TEXTRON OFF ROAD INTRODUCES 2018 ATV’S AND SIDE-BY-SIDE MODELS

JoeyD23

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Textron Off Road Introduces 2018 ATV’s and Side-by-Side Models
New Model Line Reflects Integration the Arctic Cat brand Into Textron Off Road

Textron announces the 2018 model line of Textron Off Road side-by-sides and ATVs. These machines offer premium performance and maximum value to off-road enthusiasts as well as those who need the hardest working machines. The 2018 model line consists of 18 models, each delivering best-in-class features and performance that reflect the innovation and durability that customers expect.


Textron Specialized Vehicles Inc., a Textron Inc. (NYSE: TXT) company, is transitioning Arctic Cat side-by-sides and ATVs to the Textron Off Road brand, effective with eighteen, 2018 models.



Textron Inc. acquired Arctic Cat in March 2017, adding another powerful brand to its portfolio that includes Bell Helicopter®, Cessna® and Beechcraft® aircraft, Greenlee® professional tools, Jacobsen® professional turf-care equipment, and Dixie Chopper® zero-turn mowers, among many others. Most Arctic Cat side-by-sides and ATVs, including the popular AlterraTM, ProwlerTM and WildcatTM product lines, will now carry the Textron Off Road brand name, joining the Textron Off Road StampedeTM side-by-side to form a robust 2018 model year lineup.

“With Textron Off Road, we are marrying Arctic Cat’s legacy of high performance, reliability and innovation to Textron’s powerful combination of engineering expertise, manufacturing know-how, and Fortune 200 resources,” said Kevin Holleran, president and CEO of Textron Specialized Vehicles Inc. “Together as Textron Off Road, we are creating a new leader in off-road vehicle performance.”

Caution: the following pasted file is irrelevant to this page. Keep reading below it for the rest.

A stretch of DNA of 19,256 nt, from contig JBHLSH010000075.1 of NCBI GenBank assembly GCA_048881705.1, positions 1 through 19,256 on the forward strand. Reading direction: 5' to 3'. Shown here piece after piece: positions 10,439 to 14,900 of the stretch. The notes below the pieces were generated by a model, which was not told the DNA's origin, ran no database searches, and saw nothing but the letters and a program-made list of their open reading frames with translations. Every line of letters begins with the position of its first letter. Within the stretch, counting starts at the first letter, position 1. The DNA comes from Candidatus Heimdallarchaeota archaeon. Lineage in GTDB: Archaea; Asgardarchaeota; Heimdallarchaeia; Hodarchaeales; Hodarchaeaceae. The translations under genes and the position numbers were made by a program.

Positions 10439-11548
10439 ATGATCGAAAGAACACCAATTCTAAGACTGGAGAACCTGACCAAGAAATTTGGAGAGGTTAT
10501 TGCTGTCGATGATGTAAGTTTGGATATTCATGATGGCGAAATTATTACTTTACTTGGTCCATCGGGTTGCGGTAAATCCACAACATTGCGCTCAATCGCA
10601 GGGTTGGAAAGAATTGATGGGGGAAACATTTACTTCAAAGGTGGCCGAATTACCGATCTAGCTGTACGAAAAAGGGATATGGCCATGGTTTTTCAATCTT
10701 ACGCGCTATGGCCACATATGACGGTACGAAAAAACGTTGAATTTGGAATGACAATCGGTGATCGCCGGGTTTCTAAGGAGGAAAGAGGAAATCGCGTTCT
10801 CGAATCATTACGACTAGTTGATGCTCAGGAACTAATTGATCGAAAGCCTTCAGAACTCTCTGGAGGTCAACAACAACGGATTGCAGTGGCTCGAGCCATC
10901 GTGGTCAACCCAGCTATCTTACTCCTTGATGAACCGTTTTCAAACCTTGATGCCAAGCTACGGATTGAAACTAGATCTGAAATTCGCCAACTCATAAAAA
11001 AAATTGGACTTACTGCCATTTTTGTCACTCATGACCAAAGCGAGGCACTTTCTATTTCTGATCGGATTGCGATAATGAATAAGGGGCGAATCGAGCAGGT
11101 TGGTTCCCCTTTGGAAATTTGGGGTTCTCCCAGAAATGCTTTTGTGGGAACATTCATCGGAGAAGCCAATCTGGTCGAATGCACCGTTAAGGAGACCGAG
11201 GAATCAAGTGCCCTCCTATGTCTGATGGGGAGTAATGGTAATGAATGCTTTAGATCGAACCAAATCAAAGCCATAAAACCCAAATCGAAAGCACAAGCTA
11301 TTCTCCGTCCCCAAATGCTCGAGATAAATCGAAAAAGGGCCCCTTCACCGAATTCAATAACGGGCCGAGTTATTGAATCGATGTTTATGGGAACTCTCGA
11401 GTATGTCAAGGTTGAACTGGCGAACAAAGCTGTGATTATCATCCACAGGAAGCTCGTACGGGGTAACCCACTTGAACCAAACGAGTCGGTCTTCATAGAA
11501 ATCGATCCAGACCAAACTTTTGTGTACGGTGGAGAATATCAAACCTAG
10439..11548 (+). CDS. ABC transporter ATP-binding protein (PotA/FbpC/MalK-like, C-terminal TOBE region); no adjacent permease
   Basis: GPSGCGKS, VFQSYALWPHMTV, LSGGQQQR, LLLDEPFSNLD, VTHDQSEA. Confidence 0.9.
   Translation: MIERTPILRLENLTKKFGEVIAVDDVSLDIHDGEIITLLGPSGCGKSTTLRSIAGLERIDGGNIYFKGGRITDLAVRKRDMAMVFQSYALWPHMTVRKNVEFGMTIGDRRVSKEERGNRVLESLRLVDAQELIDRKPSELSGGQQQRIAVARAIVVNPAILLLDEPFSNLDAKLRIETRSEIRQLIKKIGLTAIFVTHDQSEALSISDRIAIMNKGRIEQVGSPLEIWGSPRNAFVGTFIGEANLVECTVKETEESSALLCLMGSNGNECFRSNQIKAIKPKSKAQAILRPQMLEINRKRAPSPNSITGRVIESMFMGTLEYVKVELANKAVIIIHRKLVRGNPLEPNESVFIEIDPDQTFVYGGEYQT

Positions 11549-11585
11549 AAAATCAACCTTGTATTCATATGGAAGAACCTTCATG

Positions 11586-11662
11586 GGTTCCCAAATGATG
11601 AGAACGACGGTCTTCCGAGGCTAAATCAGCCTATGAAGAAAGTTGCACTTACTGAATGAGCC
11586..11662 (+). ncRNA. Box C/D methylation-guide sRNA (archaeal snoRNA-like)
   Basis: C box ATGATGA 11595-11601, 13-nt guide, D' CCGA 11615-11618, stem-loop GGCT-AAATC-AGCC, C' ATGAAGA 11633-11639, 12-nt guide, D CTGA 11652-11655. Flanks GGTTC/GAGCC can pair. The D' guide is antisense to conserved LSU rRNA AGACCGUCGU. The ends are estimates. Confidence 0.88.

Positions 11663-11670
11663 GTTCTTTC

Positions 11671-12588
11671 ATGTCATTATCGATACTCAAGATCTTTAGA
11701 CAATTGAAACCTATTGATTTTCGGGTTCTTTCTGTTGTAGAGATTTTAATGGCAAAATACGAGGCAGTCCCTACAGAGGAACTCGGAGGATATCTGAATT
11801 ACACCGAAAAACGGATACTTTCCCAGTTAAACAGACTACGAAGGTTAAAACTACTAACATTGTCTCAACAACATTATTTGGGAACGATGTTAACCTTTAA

The Arctic Cat brand name will remain on all snowmobile product lines.

Side-by-side and ATV production will continue in Thief River Falls, Minn., with the manufacture of Stampede models relocating there from Augusta, Ga. Production of the Textron Motors engines that power the Stampede will move from Germany to the company’s St. Cloud, Minn. production facility, which already produces several four- stroke off road engines for ATVs and side-by-sides, and two-stroke engines for Arctic Cat snowmobiles.

Some Alterra and XC ATVs, and HDX and Prowler side-by-side models, will retain the Arctic Cat brand while inventory lasts.

To avoid product overlap, the Textron Off Road Recoil® and Ambush® side-by-side product lines, as well as the OnslaughtTM ATV, will be discontinued.



Current owners of Arctic Cat side-by-sides and ATVs can continue to visit their Arctic Cat dealer for vehicle service, parts and accessories.

The Textron Off Road Model Year 2018 lineup will consist of the following vehicles starting August 16th, 2017:

Side-by-Side

o Electric
 Recoil (Recoil and Recoil iS models) CLICK HERE FOR SPECS & PRICING

o Utility
 Prowler 500 CLICK HERE FOR SPECS & PRICING
 Stampede (Stampede, Stampede X, Stampede 4 and Stampede 4X models) CLICK HERE FOR SPECS & PRICING

o Sport
 Wildcat Trail (Wildcat Trail, Wildcat Trail XT and Wildcat Trail LTD) CLICK HERE FOR SPECS & PRICING
 Wildcat Sport (Wildcat Sport XT and Wildcat Sport LTD models) CLICK HERE FOR SPECS & PRICING

o Performance
 Wildcat X (Wildcat X, Wildcat X LTD and Wildcat 4X LTD models) CLICK HERE FOR SPECS & PRICING



Additional 2018 Changes

The Stampede is no longer available in a “base” non-EPS model. The remaining model names have changed as follows to align with the larger family lineup:
Stampede EPS is now Stampede
Stampede EPS+ is now Stampede X
Stampede XTR EPS is now Stampede 4 Stampede XTR EPS+ is now Stampede 4X

Side-by-sides retaining the Arctic Cat brand while inventory lasts:

  •  HDX 700
  •  Prowler 700
  •  HDX Crew
About Textron Off Road
Textron Off Road side-by-sides and ATVs are designed and built to handle the toughest jobs and most demanding trails. The Textron Off Road product line includes Wildcat, Prowler and Stampede side-by-sides and Alterra and XC ATVs. Textron Off Road is a brand of Textron Specialized Vehicles Inc., a Textron Inc. (NYSE: TXT) company.